@fivefaces, I have only visited two Who related locations and they are both “embarassingly” obvious. The first is Paris and yes, when I first walked up the Champs-Elysees I was trying to work out just which cafe the Doctor and Romana were sitting at. (City of Death) I was nineteen at the time and despite having studied history and art it was Dr Who that I was thinking of when I first went to Paris. More recently I was pointing Dr Who locations out to my sons from the second stage of the Eiffel Tower so, not much had changed really over the years. 🙂
We also visited the Cardiff Bay area in 2007. We were supposed to be visiting castles but changed plan when we found out about the Dr Who exhibition. Wish I had known more about Dr Who locations last time I was in the U.K because I would have loved visiting some of the villages etc.
Oh and Weclome to the forum.
Welcome to @whoviansrcool too.
Janette23 August 2013 at 06:58 #16552FiveFaces @fivefaces23 August 2013 at 11:03 #16559amywilliams @amywilliams
Hi all! I’m new here. I’ve only started watching Doctor Who in the past couple of months. I’m American, so I started with the 9th Doctor. I’ve been hooked since about halfway through that first season. Love it! I’m almost all caught up now. What am I going to watch next? I understand I have to wait until December for new episodes. I think my favorite, and most scary, villains are the Weeping Angels. I don’t believe I’ll ever look at another statue the same again!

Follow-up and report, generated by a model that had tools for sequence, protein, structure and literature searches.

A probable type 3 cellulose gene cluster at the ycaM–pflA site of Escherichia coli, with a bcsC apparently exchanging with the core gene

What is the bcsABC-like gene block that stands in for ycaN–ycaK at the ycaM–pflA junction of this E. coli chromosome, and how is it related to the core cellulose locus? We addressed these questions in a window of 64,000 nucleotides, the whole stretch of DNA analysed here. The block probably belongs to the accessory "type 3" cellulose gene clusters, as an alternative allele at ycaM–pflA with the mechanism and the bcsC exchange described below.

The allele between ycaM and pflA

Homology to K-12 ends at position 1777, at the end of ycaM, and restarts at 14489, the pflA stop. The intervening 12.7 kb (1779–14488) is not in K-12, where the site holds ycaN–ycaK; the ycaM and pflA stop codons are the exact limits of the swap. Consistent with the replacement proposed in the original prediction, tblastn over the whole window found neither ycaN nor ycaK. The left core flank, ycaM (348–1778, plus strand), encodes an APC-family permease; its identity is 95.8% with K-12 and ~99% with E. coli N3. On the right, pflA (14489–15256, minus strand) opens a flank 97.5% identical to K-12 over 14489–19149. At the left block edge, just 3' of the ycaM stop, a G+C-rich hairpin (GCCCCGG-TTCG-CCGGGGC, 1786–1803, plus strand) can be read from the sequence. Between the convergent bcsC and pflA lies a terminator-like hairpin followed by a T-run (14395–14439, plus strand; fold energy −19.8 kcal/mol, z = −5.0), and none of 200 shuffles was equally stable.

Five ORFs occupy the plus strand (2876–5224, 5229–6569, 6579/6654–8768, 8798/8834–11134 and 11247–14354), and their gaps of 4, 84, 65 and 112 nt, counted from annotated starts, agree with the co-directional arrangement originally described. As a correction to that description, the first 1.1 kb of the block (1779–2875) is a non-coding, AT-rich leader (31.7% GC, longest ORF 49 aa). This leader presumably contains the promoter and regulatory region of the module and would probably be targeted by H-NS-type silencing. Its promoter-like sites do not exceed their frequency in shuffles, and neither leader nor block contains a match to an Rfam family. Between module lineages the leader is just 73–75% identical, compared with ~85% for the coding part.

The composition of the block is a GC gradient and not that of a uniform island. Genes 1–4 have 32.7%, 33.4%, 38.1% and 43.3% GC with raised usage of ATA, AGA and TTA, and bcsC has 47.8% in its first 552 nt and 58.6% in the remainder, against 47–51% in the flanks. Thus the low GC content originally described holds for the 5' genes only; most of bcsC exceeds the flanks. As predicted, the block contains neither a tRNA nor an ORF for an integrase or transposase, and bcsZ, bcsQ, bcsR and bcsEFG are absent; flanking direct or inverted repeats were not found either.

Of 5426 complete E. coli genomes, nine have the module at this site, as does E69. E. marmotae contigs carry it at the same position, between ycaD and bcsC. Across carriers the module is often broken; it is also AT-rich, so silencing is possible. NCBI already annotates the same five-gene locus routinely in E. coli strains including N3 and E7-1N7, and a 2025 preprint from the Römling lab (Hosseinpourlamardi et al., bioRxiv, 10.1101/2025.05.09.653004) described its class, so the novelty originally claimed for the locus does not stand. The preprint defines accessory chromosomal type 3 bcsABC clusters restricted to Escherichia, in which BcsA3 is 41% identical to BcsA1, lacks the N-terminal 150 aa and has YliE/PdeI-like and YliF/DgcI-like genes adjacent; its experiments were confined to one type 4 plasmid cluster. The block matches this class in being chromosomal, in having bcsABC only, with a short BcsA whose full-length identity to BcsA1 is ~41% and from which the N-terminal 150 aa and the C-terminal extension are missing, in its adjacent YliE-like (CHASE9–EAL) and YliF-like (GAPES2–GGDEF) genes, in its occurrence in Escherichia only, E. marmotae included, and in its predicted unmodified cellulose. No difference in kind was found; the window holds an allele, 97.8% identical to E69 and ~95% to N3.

Anyway, excited to be here among other Whovians, new and old 🙂
(BTW, that is my real name!)23 August 2013 at 13:06 #16564Anonymous @
@phaseshift (and @ everyone else too)
I saw this article in Doctor Who TV about about the Dimensions in Time special. It made me think that you – or indeed anyone else – might want to do a blog about one or more of the various charity specials DW teams have done over the years. I’d offer to do it but I don’t have the wealth of background information a more knowledgeable commenter like you has.23 August 2013 at 13:34 #16568PhaseShift @phaseshiftTime Lord
Thanks, I’ll have a think about it, but I have a couple of other blog ideas I’m hoping I get the time to finish over the Bank Holiday. I’ve touched on a couple of the celebratory episodes over on the Faces strand (Dimensions in Time is available to view there as well). I agree with the sentiment of the article you posted though. In my own words “Pretty awful”, and I was being generous.
The same post though has a link to “More than 30 years in the TARDIS”. One of the best documentaries I think has been compiled on the BG years, with some specially filmed scenes (including the Brig coming under attack from Autons). Well worth 90 minutes of anyone’s time.23 August 2013 at 15:02 #16572
Don’t forget – 7pm tonight on BBC 3…23 August 2013 at 16:25 #16573Anonymous @
@wolfweed – TATM isn’t on our forum roster until mid-October, so it will be nice to see it again earlier than that.
P.S. congrats on your Shift+R – it’s all working again!23 August 2013 at 17:56 #16579Anonymous @
@wolfweed and @everyone – I was just about to set my DV recorder for TATM but, according to my Freeview’s scheduler it’s been moved to next Friday. BBC3 is showing highlights from the Reading and Leeds festival instead 🙁
Can anyone confirm this is the case or is it that my digi-box has gone bonkers?23 August 2013 at 18:06 #16580Anonymous @
This is BBC Three for next week 30/08:
http://www.bbc.co.uk/bbcthree/programmes/schedules/2013/08/3023 August 2013 at 19:06 #1658123 August 2013 at 19:22 #16582Galactus @galactus
Just to let you know, I do still dip in to the forum to catch up on the latest discussion, just don’t often log in as I don’t have much time to contribute at the moment. Will definitely be back for the anniversary.